Historian Looks at Censorship of Controversial Drama

A University of Worcester historian will interrogate the role of censorship and its consequences in a talk taking place at The Hive next month.

Professor of Early Modern History, Darren Oldridge, will be speaking about the controversial TV play Brimstone and Treacle, written by Dennis Potter in the 1970s, followed by a screening of the drama, on May 8 from 7pm-9pm.

The dark subject matter of the play, which centres on the character of the Devil disguised as a young man, proved so controversial at the time that it was pulled from broadcast.

“Potter’s work remains brilliant, but also deeply shocking,” said Professor Oldridge.  “Indeed, it may seem more shocking to audiences today than when it was made. This event will, I hope, open up a discussion of the censorship of challenging works of art, as well as the many other issues raised by this extraordinary, brilliant and painful piece of drama.”

Professor Oldridge specialises in religious history. He is particularly interested in the Devil, witchcraft, and the supernatural, and the media representation of these things today.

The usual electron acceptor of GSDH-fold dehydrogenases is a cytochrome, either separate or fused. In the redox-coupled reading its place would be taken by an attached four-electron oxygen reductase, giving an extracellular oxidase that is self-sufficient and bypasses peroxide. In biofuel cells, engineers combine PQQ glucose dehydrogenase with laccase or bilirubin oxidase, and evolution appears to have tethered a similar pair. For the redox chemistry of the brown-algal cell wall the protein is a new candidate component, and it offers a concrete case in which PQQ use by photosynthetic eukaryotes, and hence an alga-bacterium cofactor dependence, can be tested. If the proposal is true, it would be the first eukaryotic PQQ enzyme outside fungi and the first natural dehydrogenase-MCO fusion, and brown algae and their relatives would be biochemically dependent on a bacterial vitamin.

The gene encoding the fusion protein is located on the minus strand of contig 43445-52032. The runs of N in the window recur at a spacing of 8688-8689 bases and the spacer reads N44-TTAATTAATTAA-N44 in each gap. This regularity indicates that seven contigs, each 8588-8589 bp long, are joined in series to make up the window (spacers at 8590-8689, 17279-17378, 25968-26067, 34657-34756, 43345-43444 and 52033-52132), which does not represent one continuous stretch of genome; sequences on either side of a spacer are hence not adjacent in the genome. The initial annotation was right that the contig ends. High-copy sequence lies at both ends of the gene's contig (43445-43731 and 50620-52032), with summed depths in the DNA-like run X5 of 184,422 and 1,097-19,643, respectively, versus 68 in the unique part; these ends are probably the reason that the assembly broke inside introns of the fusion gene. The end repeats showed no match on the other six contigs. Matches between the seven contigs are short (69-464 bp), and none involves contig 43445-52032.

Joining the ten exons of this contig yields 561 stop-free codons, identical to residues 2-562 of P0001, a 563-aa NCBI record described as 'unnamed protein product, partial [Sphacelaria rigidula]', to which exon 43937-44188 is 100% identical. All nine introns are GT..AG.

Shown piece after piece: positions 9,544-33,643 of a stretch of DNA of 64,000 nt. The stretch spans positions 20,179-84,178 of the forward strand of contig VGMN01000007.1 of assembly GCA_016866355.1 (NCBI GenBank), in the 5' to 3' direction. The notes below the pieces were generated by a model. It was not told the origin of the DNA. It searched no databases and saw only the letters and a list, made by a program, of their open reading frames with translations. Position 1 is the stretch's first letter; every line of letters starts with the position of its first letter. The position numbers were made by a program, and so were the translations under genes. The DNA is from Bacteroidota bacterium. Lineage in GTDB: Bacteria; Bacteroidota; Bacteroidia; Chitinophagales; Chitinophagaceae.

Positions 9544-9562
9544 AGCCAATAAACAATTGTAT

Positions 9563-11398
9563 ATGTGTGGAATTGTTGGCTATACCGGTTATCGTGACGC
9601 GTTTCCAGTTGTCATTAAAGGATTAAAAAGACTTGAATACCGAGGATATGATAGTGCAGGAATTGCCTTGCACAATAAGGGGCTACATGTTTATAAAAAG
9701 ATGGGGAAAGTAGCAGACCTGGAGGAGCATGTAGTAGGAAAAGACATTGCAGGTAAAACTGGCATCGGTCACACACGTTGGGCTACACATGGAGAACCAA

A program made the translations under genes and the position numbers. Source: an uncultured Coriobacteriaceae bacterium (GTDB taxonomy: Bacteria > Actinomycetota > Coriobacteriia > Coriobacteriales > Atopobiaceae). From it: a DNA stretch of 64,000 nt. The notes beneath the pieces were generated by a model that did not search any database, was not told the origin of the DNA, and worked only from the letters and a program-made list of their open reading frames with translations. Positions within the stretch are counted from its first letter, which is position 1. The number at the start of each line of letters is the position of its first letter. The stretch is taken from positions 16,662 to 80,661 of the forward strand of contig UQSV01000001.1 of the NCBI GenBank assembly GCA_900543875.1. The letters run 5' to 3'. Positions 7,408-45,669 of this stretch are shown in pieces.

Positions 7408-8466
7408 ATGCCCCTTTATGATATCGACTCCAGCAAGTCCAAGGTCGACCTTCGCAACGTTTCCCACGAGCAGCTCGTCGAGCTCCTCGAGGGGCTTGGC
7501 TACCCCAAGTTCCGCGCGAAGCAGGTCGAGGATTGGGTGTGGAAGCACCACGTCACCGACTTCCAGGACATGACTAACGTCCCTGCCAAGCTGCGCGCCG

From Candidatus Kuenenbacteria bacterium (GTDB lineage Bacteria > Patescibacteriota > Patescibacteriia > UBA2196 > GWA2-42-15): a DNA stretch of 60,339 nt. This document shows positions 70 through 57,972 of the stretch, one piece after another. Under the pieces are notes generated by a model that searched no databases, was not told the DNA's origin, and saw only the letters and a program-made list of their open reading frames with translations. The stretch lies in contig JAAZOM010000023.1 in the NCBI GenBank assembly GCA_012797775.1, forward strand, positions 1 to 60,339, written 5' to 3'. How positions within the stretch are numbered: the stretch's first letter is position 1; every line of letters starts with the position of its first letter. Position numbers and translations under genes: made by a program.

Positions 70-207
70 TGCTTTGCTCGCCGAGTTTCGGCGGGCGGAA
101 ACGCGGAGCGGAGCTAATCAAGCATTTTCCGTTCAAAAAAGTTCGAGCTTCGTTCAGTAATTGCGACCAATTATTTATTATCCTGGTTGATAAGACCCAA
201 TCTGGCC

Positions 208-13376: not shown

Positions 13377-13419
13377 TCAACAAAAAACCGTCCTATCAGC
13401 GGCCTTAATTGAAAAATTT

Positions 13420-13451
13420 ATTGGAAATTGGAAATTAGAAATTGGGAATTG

He explained how Potter’s TV play was due to appear as part of the BBC’s ‘Play for Today’ series in 1976.  But the then director of TV programmes decided to stop the broadcast due to the content.  It was eventually shown many years later in 1987. Professor Oldridge believes the controversial subject matter of the play makes it a fascinating case study in censorship.

“This is strong and difficult material,” he said. “It is a serious work of art by one of the greatest TV writers, brilliantly performed, and dealing with profound religious and moral questions.  These include the nature of suffering in a world that some believe was created by a loving God, and the causes of evil.”

Tickets for the event are £2.50 and booking is essential. Book tickets on The Hive website’s ‘Out Loud’ What’s On webpage https://www.thehiveworcester.org/out-loud.html.

Attendees are warned that the material shown is not suitable for children and contains content that may offend.

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